Press reactions to Karaindrou's music


"Brooding and romantic, these elegant pieces transport you into still landscapes shrouded in swirling fogs of ambiguous passion." - San Francisco Bay Guardian

"Brooding and romantic, these elegant pieces transport you into still landscapes shrouded in swirling fogs of ambiguous passion." - San Francisco Bay Guardian

"Eleni Karaindrou's simple, ethereal melodies are so infectious and profoundly sublime that they easily stand by themselves, unencumbered by visual images. And yet one has no trouble visualizing the numbing loneliness of the desolate, or the tragic ordeals of sorrow that reside in the heart of this music... In truth, the experience of listening to this unforgettable music cannot be conveyed by mere .=words." - The Music Advocate

"Strangely inflected melodies against mysterious drones that seem to exist outside of time. Imagine music aching with nostalgia, as mixed between sharp and blurred, real and imagined, as memory itself." - American Record Guide

"For many years Karaindrou has been developing a fragile, solemn music that goes beyond film scoring; Her compositions have a life of their own. She favours a harmonic music that has an almost folk-like simplicity in its melodic development. But she casts these melodies in muted hues and shades that could have been morphed out of a Mark Rothko painting, and milks every iota of expressive power from a handful of themes." -Audio (USA)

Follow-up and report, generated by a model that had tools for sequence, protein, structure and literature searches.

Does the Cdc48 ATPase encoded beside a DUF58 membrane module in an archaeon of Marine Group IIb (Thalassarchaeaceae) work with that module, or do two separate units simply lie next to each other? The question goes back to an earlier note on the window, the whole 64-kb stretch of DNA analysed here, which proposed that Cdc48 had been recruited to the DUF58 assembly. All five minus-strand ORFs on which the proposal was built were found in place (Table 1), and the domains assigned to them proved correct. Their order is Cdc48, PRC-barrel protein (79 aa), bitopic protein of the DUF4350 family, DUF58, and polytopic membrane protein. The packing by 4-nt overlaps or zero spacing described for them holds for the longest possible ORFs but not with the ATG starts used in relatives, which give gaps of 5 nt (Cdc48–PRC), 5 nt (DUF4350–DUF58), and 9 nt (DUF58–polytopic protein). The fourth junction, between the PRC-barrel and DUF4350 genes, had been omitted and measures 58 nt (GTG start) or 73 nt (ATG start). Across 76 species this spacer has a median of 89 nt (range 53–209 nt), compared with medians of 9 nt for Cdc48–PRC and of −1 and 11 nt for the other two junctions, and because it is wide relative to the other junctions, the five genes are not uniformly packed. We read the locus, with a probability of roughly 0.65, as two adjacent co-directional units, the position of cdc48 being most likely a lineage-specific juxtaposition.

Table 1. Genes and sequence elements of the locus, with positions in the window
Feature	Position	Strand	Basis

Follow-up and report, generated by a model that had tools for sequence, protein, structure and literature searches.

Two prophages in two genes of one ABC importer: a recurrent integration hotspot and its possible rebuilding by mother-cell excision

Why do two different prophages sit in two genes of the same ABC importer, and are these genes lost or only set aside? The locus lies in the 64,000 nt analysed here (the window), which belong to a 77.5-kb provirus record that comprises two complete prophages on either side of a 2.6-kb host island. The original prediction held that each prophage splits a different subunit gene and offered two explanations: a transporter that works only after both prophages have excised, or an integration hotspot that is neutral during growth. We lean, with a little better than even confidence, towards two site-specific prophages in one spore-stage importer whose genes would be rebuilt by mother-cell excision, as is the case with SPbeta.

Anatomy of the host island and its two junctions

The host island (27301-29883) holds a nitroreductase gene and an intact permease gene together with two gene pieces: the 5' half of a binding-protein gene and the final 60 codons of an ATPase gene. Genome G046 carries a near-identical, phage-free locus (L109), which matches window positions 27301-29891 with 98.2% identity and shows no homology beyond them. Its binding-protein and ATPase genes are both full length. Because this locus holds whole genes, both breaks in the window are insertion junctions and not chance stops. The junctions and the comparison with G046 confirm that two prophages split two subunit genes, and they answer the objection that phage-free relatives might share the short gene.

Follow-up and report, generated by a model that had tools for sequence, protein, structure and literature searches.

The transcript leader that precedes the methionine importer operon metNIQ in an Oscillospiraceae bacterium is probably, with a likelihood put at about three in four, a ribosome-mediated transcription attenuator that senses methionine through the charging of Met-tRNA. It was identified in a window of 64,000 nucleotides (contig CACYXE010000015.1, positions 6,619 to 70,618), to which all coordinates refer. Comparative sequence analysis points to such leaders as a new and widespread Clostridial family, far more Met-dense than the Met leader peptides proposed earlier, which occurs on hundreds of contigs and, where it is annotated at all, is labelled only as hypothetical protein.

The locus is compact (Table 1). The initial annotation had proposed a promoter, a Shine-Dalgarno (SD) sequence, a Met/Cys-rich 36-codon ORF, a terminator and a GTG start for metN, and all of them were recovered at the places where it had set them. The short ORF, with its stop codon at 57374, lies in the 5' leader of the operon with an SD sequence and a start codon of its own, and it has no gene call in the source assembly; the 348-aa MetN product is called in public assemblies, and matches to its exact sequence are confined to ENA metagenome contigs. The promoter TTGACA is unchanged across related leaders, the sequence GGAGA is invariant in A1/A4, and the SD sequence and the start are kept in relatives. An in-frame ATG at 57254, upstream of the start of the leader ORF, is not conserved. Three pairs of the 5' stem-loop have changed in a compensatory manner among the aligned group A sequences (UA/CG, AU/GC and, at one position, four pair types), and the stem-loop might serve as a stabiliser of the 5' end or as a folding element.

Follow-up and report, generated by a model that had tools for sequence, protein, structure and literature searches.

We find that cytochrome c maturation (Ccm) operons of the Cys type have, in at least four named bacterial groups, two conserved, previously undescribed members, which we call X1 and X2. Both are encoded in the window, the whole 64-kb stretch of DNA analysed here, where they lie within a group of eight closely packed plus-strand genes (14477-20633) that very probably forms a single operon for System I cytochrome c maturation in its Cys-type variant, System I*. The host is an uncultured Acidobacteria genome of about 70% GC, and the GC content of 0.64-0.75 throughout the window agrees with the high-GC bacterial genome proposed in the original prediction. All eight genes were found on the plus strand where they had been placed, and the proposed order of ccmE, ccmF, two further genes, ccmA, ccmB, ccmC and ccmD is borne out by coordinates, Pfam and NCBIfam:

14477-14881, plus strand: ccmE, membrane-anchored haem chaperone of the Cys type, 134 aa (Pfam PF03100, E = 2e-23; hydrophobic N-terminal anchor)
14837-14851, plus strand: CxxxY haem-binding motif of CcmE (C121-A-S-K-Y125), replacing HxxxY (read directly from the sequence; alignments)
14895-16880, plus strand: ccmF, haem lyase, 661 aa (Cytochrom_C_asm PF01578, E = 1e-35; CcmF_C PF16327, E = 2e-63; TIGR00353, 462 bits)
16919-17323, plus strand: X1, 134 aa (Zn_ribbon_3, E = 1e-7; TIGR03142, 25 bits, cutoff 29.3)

"Music of haunting stillness. Such simplicity of sound can be as riveting as the fury of a Mahler symphony." - Washington City Paper




I would like to think that when it comes to Greek contemporary music, that composers like Eleni Karaindrou ,Vangelis Katsoulis, or even someone like Minas Alexiadis are not the exception to the rule. I'm sure that there is a wealth of talent out there, it's just that you rarely get to hear any of the truly brilliant recordings. My own program here on Sydney radio follows on after a Greek program, and all I will say that the music (on the Greek program) is bloody awful and were it not for composers like Karaindrou I would dismiss Greek music without a further thought. ECM has released her fourth album to date, yet another fine accompaniment to a film by Theo Angelopoulos-Eternity and a Day. Karaindrou's association with the Greek film maker goes back to 1984, and this is her sixth score to his films. The film stars possibly my favorite actor of all time, Bruno Ganz. Entering Karaindrou's world of sound to vision is a roller coaster of personal memories, emotions, hopes and fears, coupled with a sense of Greek identity and culture. Not that you have to be Greek to enjoy this. This is intelligent contemporary Greek music, music based along the lines of classical ideology mixed in with traditional instruments, with elements of Greek folk music yet still very much modern. Anyone who is aware of Theo Angelopolous' films will know of his use of long panoramic shots taking in the geography of the Greek landscapes. As such this score is a wonderful accompaniment, giving the listener an acute sensation of time, depth and distances. There is a longing in this music, a pensive - emotional undercurrent that appeals immediately. The same musical themes have been explored on other recordings like Ulysses Gaze, or even The Suspended Step Of The Stork. On this album accordions and mandolin play alongside strings and woodwinds. A remarkable combination of sounds are achieved as a result. It would have been great to hear the wonderful voice of Ganz on record again. A wonderful recording and one of many fine new releases for ECM.
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